For information regarding medications refer to the Rat Medication Guide.

Nursing Care

Provide the following post-op care:
  • A hospital cage (smaller individual cage) that includes clean non-litter bedding such as felt, soft t-shirt type material, or ink-free paper towels. Clean cage and bedding daily. Avoid litter-type bedding post-op, until healed, to prevent the chance of wound contamination or infection.
  • Provide additional warmth to maintain body temperature within normal limits. It is essential that the rat does not become overheated or dehydrated. The rat should also be able to move away from the heat source if it becomes uncomfortable. If the rat is unconscious or immobile extreme care must be taken to keep the heat low and stable.
    You can use an isothermic product that is heated in the microwave such as Snuggle SafeĀ®. Make sure to follow the product directions carefully and wrap in a towel before placing in the cage. (Snuggle SafeĀ® will provide heat for 12 hours before needing to be reheated. Other similar types of product may vary in re-heat time. Check directions for individual product.).
    If using a heating pad (good for long term use) use only the low heat setting, put a thick towel in between the pad and the cage bottom, and place beneath a corner of the cage.
    If none of these options are available you can use a plastic bottle filled with hot water, and wrapped in a towel, in the corner of the cage.
  • Medicate for post-op pain as needed.
  • Give antimicrobial if or as prescribed.
  • Encourage fluid intake while recuperating, such as water, Jello water, or electrolyte replacement drinks such as Pedialyte or Gatorade (which can be found in local grocery stores). Please note that Pedialyte is only good refrigerated for 24 hours after opened, but can be frozen as ice cubes and thawed as needed.

    *Note: a juicy type of fruit also provides an additional fluid source in the diet.

  • Because there is the potential for wound infection, seroma, or hematoma when an orchiectomy (neuter) is performed via the scrotum on a rat, it is important to contact the vet if any of the following occurs: swelling, redness, or pain at the incision site, or if there are signs of increased weight loss, lethargy, or changes in habits.
  • If condition precludes comfort or quality discuss euthanasia with veterinarian.

Outcome

  • Comfort increased.
  • Increased quality of life.
  • Emotional support for those having to consider euthanasia for their rat.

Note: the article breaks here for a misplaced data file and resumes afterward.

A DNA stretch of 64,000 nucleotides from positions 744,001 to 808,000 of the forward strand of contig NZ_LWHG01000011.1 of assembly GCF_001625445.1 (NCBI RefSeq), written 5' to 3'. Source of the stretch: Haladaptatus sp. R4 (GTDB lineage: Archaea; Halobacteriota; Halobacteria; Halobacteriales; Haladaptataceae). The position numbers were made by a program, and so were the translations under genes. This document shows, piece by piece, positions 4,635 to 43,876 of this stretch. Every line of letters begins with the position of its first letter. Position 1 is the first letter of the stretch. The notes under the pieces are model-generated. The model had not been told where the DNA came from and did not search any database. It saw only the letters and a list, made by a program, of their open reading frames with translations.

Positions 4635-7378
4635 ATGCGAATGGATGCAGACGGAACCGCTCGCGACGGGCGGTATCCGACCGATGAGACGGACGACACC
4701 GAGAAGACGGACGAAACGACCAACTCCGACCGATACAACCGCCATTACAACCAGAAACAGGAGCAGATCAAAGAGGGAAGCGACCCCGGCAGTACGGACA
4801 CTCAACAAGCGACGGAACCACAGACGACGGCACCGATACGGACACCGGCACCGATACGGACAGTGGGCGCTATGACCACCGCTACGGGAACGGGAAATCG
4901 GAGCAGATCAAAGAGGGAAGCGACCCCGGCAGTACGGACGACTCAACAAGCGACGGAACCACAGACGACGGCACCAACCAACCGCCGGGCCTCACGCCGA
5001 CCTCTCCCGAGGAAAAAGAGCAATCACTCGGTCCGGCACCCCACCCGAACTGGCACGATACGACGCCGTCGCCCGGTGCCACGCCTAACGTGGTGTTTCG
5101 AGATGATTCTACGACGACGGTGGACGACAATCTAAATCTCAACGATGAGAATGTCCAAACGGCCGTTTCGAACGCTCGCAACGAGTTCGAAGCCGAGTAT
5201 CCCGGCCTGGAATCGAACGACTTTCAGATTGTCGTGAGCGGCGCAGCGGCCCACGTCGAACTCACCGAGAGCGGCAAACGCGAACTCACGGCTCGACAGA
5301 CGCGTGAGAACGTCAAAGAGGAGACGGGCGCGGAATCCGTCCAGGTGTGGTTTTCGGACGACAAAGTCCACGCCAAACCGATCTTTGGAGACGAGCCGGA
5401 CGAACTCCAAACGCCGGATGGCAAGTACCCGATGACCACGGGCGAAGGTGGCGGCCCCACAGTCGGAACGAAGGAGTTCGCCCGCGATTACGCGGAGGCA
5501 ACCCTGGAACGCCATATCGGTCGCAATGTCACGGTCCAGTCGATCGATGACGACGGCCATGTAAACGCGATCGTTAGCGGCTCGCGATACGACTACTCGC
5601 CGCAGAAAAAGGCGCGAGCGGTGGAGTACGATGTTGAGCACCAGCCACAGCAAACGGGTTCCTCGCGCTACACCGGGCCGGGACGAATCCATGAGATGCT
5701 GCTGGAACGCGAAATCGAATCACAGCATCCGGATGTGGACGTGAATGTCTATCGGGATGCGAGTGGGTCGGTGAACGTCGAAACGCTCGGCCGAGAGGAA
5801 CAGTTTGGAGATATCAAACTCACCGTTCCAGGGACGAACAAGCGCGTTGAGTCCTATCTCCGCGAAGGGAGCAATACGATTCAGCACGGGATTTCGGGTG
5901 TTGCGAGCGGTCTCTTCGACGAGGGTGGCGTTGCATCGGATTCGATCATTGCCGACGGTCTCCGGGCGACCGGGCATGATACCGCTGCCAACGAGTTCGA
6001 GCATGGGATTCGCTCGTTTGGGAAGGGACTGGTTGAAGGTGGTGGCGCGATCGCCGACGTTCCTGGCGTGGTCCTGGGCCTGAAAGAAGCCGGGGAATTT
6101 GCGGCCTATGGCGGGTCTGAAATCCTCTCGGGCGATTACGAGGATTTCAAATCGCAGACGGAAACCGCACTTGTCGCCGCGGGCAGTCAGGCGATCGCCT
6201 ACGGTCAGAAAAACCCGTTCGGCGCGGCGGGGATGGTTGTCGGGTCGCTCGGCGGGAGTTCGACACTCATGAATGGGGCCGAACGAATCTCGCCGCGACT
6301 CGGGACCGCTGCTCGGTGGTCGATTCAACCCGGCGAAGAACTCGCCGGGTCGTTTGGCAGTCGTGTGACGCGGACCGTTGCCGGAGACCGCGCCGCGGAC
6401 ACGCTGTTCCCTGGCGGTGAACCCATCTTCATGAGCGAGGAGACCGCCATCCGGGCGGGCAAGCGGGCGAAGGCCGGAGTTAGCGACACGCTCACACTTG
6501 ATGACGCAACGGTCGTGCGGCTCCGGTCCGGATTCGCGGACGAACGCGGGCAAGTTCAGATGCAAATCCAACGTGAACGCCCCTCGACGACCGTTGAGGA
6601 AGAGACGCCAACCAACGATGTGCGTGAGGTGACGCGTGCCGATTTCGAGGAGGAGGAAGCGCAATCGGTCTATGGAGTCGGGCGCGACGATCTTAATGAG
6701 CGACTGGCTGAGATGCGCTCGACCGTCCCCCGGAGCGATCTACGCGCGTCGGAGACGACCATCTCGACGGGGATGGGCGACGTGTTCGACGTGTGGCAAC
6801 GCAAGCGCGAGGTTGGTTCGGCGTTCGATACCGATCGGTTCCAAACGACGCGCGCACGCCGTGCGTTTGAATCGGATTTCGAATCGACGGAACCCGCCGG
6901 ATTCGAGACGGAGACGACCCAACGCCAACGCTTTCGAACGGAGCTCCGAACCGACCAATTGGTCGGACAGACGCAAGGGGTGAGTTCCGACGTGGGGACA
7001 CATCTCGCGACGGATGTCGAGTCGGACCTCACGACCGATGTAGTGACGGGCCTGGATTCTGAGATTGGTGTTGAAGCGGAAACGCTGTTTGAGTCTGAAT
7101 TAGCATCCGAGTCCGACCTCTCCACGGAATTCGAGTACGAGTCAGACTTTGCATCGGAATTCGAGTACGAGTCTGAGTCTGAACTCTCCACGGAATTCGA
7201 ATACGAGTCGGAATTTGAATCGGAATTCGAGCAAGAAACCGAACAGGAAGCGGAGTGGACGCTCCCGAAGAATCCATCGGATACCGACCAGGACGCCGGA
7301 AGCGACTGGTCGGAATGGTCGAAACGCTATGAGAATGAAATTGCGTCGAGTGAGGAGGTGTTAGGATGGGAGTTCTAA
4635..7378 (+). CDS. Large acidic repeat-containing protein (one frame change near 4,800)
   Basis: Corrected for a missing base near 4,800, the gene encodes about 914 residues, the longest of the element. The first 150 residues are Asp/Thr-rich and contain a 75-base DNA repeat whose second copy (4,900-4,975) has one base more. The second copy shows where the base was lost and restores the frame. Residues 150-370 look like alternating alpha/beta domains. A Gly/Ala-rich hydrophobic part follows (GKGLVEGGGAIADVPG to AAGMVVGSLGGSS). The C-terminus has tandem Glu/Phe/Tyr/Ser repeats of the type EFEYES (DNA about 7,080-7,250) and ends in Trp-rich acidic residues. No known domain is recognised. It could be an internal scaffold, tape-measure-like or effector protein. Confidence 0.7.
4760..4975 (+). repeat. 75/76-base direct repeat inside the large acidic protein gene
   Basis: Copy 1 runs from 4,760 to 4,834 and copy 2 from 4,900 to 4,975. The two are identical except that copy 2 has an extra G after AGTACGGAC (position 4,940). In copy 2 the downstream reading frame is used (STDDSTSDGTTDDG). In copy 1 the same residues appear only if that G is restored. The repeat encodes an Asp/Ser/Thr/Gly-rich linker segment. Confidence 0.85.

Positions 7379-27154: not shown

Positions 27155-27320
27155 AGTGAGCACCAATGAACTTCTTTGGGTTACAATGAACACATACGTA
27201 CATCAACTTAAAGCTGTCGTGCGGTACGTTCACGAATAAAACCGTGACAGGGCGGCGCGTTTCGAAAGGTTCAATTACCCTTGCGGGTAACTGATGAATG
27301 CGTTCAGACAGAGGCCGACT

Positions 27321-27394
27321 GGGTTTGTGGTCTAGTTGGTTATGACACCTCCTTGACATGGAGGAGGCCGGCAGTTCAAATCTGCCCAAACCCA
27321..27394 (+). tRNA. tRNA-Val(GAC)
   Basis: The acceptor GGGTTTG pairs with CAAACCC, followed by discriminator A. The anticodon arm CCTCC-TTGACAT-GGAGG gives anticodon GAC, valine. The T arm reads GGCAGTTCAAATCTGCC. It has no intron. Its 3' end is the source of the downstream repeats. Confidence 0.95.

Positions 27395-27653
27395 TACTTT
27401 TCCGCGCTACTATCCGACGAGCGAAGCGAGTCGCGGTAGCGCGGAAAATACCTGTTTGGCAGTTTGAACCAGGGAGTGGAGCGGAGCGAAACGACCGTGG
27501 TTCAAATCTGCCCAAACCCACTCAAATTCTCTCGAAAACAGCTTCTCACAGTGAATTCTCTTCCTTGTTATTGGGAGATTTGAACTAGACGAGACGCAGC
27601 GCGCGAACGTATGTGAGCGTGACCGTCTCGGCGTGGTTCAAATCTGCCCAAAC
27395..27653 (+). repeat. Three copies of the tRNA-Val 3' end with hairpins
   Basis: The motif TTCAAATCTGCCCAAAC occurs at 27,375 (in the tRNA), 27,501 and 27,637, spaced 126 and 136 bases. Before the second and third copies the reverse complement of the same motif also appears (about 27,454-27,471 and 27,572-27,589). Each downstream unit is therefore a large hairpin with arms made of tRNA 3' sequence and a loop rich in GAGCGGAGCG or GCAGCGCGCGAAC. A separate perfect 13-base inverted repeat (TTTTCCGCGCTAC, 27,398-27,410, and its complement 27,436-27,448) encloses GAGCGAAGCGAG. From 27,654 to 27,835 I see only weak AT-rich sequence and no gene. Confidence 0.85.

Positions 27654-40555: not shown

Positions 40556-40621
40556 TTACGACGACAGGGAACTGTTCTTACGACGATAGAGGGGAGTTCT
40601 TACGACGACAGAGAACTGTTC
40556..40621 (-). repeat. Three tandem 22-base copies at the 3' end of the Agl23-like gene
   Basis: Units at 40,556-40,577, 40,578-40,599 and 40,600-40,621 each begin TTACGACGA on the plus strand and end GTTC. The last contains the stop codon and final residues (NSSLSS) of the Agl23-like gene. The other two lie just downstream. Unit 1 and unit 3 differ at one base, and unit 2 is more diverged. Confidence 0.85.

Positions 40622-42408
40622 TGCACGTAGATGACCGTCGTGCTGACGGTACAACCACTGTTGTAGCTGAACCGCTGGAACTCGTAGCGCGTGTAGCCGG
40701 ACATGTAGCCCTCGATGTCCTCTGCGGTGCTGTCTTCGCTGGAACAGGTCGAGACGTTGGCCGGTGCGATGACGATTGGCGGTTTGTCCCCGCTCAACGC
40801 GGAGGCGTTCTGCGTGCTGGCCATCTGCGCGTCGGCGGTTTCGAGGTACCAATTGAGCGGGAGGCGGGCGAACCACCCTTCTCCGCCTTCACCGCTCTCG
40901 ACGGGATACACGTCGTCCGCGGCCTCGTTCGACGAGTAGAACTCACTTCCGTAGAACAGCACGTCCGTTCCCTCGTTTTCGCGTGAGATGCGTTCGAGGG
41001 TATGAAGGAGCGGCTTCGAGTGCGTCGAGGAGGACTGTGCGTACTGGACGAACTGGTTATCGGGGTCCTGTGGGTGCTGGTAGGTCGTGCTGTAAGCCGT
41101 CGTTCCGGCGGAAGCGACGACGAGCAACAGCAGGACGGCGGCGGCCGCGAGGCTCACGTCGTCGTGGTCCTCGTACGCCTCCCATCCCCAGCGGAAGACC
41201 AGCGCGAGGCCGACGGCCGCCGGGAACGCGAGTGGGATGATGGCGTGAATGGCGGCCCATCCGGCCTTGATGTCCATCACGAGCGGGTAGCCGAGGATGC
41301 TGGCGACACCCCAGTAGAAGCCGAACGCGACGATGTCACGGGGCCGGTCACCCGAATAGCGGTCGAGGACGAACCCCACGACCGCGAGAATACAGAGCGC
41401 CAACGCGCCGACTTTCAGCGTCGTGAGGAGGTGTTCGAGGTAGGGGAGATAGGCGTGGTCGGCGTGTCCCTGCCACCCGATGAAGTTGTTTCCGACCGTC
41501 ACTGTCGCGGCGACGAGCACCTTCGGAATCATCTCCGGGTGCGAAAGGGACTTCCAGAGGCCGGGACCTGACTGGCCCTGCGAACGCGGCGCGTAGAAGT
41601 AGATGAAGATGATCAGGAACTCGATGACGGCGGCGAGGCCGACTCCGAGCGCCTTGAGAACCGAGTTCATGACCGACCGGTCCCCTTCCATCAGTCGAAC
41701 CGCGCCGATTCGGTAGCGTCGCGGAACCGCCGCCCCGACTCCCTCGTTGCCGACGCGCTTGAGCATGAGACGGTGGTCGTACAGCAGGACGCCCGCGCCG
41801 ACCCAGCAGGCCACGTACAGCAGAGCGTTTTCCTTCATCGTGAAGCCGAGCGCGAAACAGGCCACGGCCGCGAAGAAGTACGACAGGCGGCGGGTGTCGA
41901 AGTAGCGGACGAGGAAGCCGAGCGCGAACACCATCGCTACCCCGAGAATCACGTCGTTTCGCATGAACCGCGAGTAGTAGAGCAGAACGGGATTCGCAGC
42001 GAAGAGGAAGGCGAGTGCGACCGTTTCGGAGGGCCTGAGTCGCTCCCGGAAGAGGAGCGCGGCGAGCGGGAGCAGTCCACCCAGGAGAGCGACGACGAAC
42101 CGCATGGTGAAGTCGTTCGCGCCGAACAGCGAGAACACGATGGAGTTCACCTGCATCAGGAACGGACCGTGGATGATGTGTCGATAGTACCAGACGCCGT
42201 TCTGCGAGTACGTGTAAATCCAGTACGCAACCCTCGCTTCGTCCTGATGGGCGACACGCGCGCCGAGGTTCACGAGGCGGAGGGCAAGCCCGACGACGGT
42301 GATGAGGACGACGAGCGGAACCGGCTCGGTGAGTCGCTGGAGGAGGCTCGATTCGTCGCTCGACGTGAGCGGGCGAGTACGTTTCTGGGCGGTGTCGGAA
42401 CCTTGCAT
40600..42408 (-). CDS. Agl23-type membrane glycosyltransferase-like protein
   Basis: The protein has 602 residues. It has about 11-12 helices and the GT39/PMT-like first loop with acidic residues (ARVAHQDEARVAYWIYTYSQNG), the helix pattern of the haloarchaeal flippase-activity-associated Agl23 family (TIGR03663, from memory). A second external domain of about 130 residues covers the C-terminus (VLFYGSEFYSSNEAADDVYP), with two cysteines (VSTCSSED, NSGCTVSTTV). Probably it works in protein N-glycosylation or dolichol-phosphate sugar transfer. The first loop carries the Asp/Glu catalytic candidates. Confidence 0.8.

Prevention

While you may not be able to prevent the development of testicular tumors, doing the following may increase quality of life:
  • Do regular physical health checks of your rat weekly. Early detection and treatment can help to improve quality of life.
  • If the rat was born with the condition cryptorchidism (undescended testicle) discuss the benefit versus risk of neutering with a trained veterinarian.
  • Seek veterinarian care if your rat is ill, and treat appropriately.
Note to Breeders: Since cryptorchidism tends to be familial and may contribute to testicular tumor formation the continuation / direction of the lines involved may need to be evaluated.
References
  • Chandra, M., & Riley, M. (1994). Rarely occurring spontaneous metastasizing testicular tumors in rats. Histopathologic and ultrastructural features. Exp Toxicol Pathol, 46(2), 155-61. Retrieved December 22, 2008, from the PubMed database.
  • Ertugrul, A., Cam, K., Tarcan, T., Akdas, A., & Turkeri, L. (2002). Nuclear accumulation of protein p53 and histological changes in the rat model of unilateral cryptorchidism. Braz J Urol, 28, 57-63. Retrieved December 22, 2008, from http://www.brazjurol.com.br/january_fabruary_2002/Ertugrul_ing_57_63.htm.
  • Tena-Sempere, M., Kero, J., Rannikko, A., & Huhtaniemi, I. (1999). Experimental cryptorchidism induces a change in the pattern of expression of LH receptor mRNA in rat testis after selective Leydig cell destruction by ethylene dimethane sulfonate. J Endocrinol, 161(1), 131-41. Retrieved December 22, 2008, from http://joe.endocrinology-journals.org/cgi/reprint/161/1/131.

Posted on July 2, 2005, 14:44, Last updated on November 17, 2014, 16:42 | Neoplasia | Reproductive